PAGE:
Figure 4: The mangled PV panels in this picture illustrate the nature of broken solar panels;the glass cracks but the panel is still in one piece. Image Source: solar panel.jpgPV panels constructed with the same basic components as modern panels have been installedacross the globe for well over thirty years.3 Thelong-term durability and performance demonstrated over these decades, as well as the results ofaccelerated lifetime testing, helped lead to an industrystandard 25-year power production warranty for PV panels. These power warranties warranta PV panel to produce at least 80% of their original nameplate production after 25 years of use. Arecent SolarCity and DNV GL study reported thattoday’s quality PV panels should be expected toreliably and efficiently produce power for thirty-fiveyears.4Local building codes require all structures, including ground mounted solar arrays, to be engineeredto withstand anticipated wind speeds, as definedby the local wind speed requirements. Many rackMay 2017 Version 1ing products are available in versions engineeredfor wind speeds of up to 150 miles per hour, whichis significantly higher than the wind speed requirement anywhere in North Carolina. The strength ofPV mounting structures were demonstrated duringHurricane Sandy in 2012 and again during Hurricane Matthew in 2016. During Hurricane Sandy,the many large-scale solar facilities in New Jersey and New York at that time suffered only minordamage.5 In the fall of 2016, the US and Caribbean experienced destructive winds and torrentialrains from Hurricane Matthew, yet one leading solar tracker manufacturer reported that their numerous systems in the impacted area received zerodamage from wind or flooding.6In the event of a catastrophic event capable of damaging solar equipment, such as a tornado, the system will almost certainly have property insurance6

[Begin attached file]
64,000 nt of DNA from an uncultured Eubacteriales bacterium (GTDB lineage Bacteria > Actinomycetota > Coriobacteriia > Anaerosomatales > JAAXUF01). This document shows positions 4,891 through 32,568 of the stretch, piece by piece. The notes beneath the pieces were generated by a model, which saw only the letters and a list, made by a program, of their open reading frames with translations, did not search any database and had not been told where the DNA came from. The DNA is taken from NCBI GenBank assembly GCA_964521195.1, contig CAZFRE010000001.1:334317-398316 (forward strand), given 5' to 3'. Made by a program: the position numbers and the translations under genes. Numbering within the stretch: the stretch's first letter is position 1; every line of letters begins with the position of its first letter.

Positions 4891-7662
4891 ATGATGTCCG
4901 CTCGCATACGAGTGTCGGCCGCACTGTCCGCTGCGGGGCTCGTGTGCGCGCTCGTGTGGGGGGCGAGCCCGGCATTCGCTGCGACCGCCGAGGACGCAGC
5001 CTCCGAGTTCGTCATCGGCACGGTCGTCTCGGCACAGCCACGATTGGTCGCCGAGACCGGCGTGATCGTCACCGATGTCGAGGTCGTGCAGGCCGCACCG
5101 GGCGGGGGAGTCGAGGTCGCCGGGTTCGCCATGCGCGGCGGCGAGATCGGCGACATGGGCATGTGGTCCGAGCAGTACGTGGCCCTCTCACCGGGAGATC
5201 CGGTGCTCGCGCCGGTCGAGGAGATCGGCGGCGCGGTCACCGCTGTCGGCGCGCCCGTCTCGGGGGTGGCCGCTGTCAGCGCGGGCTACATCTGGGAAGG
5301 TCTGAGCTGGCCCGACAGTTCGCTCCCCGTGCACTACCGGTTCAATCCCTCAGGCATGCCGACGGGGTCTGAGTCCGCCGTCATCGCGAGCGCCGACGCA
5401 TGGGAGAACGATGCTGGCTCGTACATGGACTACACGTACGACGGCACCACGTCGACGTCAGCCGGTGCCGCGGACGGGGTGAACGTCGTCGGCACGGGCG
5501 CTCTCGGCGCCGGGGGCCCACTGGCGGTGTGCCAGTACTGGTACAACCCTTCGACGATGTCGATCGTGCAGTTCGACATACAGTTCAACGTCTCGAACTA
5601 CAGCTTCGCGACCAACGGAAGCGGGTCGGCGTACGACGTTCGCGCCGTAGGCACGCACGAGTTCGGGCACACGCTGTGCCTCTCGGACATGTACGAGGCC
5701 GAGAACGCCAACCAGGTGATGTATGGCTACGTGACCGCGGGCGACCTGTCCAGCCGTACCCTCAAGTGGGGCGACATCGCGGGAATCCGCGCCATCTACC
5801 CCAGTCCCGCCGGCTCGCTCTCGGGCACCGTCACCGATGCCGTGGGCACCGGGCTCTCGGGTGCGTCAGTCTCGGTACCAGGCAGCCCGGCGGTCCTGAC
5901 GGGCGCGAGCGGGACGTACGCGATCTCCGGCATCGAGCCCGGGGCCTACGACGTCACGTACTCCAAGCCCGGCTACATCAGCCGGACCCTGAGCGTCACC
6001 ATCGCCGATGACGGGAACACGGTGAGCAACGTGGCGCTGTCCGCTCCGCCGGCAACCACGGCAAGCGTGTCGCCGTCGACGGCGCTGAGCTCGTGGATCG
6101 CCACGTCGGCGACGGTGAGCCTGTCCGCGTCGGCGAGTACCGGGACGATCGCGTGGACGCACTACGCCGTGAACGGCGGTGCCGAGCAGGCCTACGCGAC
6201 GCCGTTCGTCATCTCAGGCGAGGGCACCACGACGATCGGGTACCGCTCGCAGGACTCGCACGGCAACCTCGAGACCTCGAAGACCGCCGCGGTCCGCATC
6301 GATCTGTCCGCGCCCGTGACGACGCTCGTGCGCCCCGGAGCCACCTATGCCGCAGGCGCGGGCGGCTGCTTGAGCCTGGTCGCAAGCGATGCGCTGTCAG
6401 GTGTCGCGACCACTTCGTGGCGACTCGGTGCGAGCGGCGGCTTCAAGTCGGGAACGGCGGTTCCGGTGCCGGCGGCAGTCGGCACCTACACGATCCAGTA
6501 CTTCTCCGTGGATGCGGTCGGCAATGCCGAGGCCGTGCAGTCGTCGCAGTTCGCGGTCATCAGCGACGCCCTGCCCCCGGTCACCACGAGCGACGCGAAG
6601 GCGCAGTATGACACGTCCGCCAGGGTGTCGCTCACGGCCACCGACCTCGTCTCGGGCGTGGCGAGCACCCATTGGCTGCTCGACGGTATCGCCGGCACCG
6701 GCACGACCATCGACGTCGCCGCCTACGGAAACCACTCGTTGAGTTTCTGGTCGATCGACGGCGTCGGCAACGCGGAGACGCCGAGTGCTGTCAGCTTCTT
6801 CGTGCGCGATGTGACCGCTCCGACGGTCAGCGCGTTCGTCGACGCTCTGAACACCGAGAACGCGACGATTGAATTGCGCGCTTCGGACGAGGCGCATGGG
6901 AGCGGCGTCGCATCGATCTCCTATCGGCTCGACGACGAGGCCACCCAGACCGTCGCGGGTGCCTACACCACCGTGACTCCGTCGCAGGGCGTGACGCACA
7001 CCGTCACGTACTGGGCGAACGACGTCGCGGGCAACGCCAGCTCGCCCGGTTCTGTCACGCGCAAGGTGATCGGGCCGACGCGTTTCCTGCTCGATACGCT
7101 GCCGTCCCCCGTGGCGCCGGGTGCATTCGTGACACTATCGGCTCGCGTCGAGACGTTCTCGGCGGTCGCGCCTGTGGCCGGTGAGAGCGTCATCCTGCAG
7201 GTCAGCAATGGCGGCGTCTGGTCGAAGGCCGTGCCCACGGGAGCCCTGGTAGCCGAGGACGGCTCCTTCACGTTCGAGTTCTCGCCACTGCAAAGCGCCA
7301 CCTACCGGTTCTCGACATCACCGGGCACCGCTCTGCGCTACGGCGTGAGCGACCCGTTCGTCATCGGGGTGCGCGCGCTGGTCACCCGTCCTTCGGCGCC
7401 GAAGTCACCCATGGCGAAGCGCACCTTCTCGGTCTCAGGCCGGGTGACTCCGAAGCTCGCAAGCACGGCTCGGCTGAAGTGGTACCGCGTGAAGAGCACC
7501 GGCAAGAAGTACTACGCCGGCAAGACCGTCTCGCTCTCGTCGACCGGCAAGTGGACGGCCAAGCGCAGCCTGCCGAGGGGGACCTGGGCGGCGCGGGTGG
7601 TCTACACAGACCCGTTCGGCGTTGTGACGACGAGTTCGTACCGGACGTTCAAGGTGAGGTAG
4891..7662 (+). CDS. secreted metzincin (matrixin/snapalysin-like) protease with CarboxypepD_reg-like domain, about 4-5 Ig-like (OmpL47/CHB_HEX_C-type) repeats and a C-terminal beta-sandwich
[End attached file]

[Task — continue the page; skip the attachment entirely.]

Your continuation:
that will cover the cost to cleanup and repair theproject. It is in the best interest of the system owner to protect their investment against such risks. Itis also in their interest to get the project repairedand producing full power as soon as possible.Therefore, the investment in adequate insuranceis a wise business practice for the system owner.For the same reasons, adequate insurance coverage is also generally a requirement of the bank orfirm providing financing for the project.of most panels. The PV cell itself is nearly 100%silicon, and silicon is the second most commonelement in the Earth’s crust. The silicon for PVcells is obtained by high-temperature processingof quartz sand (SiO2) that removes its oxygenmolecules. The refined silicon is converted to aPV cell by adding extremely small amounts of boron and phosphorus, both of which are commonand of very low toxicity.The other minor components of the PV cell arealso generally benign; however, some containlead, which is a human toxicant that is particularlyharmful to young children. The minor componentsinclude an extremely thin antireflective coating(silicon nitride or titanium dioxide), a thin layer ofa. Crystalline Siliconaluminum on the rear, and thin strips of silver alloythat are screen-printed on the front and rear of cell.7This subsection explores the toxicity of sili- In order for the front and rear electrodes to makecon-based PV panels and concludes that they do effective electrical contact with the proper layer ofnot pose a material risk of toxicity to public health the PV cell, other materials (called glass frit) areand safety. Modern crystalline silicon PV panels, mixed with the silver alloy and then heated to etchwhich account for over 90% of solar PV panels the metals into the cell. This glass frit historicallyinstalled today, are, more or less, a commodity contains a small amount of lead (Pb) in the form ofproduct. The overwhelming majority of panels lead oxide. The 60 or 72 PV cells in a PV panel areinstalled in North Carolina are crystalline silicon connected by soldering thin solder-covered coppanels that are informally classified as Tier I pan- per tabs from the back of one cell to the front of theels. Tier I panels are from well-respected manu- next cell. Traditionally a tin-based solder containfacturers that have a good chance of being able ing some lead (Pb) is used, but some manufacturto honor warranty claims. Tier I panels are under- ers have switched to lead-free solder. The glassstood to be of high quality, with predictable perfor- frit and/or the solder may contain trace amounts ofmance, durability, and content. Well over 80% (by other metals, potentially including some with huweight) of the content of a PV panel is the tem- man toxicity such as cadmium. However, testingpered glass front and the aluminum frame, both of to simulate the potential for leaching from brokenwhich are common building materials. Most of the panels, which is discussed in more detail below,remaining portion are common plastics, including did not find a potential toxicity threat from thesepolyethylene terephthalate in the backsheet, EVA trace elements. Therefore, the tiny amount of leadencapsulation of the PV cells, polyphenyl ether in in the grass frit and the solder is the only part ofthe junction box, and polyethylene insulation on silicon PV panels with a potential to create a negthe wire leads. The active, working components ative health impact. However, as described below,of the system are the silicon photovoltaic cells, the very limited amount of lead involved and itsthe small electrical leads connecting them togeth- strong physical and chemical attachment to otherer, and to the wires coming out of the back of the components of the PV panel means that even inpanel. The electricity generating and conducting worst-case scenarios the health hazard it poses iscomponents makeup less than 5% of the weight insignificant.1.2.2 Photovoltaic (PV)TechnologiesMay 2017 Version 17